To his everlasting credit, Kobe bought in. (As did Oscar de la Hoya and Novak Djokovic and a slew of Winter Olympians in advance of the 2010 Vancouver Games. I often joke about coming up with MasterClass before MasterClass, but lacking business acumen to charge people to watch.)
An Off Day in OKC
So Vanessa Kaneshiro Garber, our video producer at the time, and I took off for Oklahoma City, where we’d meet Bryant on a Lakers off day in February. OKC was an ideal spot, as the Thunder were in their first year in Oklahoma after relocating from Seattle. Kevin Durant was a second-year player, Russell Westbrook was a rookie, and the team wasn’t very good—the Thunder finished 23-59 that season. So there was not much media in town for this game. Bryant would have time to do a demonstration, the day before L.A. faced the Thunder.
The Lakers worked out at Southern Nazarene University, and Vanessa and I arrived near the end of the L.A. practice session. In exchange for the extra court time, I wore a Southern Nazarene University T-shirt in the clip. Fair deal.
Bryant embraced the project, which put us all at ease. Still, if I come across as jittery in the video, there are good reasons. For one, I couldn’t quite believe that Bryant was doing this. Here he was, in his absolute prime—he was coming off an MVP season and about to win the first of another repeat pair of NBA titles—and he was all in. I felt less nervous than stuck in an excitable fog, knowing that we had something good.
And for another, at that point I had little on-camera experience. The biggest tell is my excessive head-nodding as Kobe speaks, which I’ve always rued. Vanessa gave me a pro tip before the interview. In off-camera conversations, journalists often use filler words—like “right”—as subjects are talking, to kind of prod interviewees along. Right, right, keep talking. But on camera, the “rights” are a distracting sound for the viewer. So Vanessa told me to nod instead. So I did heed her advice. But being green, I took it to an embarrassing extreme.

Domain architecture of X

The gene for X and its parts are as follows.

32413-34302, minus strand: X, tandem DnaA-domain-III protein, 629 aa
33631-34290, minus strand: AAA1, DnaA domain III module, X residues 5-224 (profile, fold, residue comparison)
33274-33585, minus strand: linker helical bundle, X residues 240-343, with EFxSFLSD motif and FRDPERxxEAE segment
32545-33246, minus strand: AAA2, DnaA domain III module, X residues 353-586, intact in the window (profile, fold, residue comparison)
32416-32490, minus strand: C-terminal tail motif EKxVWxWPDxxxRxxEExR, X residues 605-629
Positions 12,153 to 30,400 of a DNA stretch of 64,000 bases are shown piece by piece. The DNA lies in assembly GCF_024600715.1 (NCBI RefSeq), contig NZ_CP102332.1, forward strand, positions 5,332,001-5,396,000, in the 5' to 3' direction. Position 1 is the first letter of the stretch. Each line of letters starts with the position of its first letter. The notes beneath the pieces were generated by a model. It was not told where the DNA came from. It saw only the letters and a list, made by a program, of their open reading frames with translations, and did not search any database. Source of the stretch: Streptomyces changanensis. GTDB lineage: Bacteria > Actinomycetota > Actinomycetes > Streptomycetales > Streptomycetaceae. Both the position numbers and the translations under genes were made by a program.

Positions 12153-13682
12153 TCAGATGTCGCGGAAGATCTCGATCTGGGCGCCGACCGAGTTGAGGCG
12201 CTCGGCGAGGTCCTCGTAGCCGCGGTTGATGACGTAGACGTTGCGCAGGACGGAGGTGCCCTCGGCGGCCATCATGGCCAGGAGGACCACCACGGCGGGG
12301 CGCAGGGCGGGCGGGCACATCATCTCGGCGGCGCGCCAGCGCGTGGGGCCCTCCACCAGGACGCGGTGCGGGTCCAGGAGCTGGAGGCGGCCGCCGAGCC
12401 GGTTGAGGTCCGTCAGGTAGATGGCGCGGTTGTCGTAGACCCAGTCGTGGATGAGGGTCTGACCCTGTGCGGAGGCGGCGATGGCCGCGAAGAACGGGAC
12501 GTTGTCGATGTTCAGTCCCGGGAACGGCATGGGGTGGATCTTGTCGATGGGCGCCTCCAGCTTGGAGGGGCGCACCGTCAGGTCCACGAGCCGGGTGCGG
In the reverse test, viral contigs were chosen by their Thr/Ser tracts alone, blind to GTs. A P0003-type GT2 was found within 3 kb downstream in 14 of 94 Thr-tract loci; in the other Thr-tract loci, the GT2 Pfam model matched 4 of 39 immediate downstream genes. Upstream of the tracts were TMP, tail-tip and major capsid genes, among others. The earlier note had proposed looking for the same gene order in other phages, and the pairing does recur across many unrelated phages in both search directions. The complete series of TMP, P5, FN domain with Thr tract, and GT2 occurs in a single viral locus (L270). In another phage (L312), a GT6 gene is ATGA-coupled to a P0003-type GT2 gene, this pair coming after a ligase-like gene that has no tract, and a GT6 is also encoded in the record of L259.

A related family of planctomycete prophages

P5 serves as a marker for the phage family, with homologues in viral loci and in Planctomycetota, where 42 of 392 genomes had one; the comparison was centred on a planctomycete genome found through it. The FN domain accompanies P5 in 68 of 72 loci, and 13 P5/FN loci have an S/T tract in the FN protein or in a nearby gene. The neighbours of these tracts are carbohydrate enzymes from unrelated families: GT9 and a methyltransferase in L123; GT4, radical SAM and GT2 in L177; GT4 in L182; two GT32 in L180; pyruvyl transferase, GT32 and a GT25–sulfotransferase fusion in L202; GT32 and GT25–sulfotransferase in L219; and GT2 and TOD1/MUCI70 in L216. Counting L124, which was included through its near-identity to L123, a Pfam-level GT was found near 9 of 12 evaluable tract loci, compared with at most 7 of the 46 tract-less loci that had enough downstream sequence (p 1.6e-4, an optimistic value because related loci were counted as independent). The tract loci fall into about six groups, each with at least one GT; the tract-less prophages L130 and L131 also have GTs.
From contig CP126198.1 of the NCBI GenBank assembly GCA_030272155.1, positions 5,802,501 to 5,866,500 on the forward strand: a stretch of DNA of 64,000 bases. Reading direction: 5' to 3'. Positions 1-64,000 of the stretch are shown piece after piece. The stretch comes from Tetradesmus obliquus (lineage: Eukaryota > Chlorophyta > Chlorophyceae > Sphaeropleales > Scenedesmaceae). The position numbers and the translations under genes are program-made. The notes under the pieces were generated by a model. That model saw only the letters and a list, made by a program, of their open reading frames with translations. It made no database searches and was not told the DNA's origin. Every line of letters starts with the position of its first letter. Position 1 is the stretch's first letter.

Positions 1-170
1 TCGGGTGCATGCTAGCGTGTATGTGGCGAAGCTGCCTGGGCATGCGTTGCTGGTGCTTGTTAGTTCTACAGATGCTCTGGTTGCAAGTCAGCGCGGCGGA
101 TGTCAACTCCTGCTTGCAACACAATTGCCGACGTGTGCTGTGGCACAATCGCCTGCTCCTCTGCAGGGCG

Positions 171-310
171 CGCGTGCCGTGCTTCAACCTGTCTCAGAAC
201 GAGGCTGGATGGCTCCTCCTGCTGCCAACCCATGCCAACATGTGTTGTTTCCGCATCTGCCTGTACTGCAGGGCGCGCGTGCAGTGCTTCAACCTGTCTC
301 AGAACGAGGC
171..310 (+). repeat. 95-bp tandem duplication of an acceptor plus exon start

In fact, for years after the clip posted, I had this masochistic habit of occasionally checking in on the YouTube comments. Many remarks were of a similar vein: why did TIME pick a bobblehead to talk to Kobe Bryant? The interviewer is clearly a dork who never picked up basketball before. That one rankled, as I did play in high school and college. Did you not see that hook shot, over Kobe Freaking Bryant, at the 7:05 mark? (Feel free to watch, on a loop, dear reader).
Finally, a number of years ago as I was again conducting this sorry exercise, one commenter—just one—came to my defense, noting that I had in fact had a relatively successful basketball career and was a veteran sports journalist at TIME. My pride swelled, before sinking right back into the pit of my stomach. For I then spotted the handle of my fearless advocate: SDevBronx.
I happen to know a woman with the maiden name Susan Devine—SDev—who grew up in the Bronx. The only person sticking up for me, in this mean internet world, was my mom.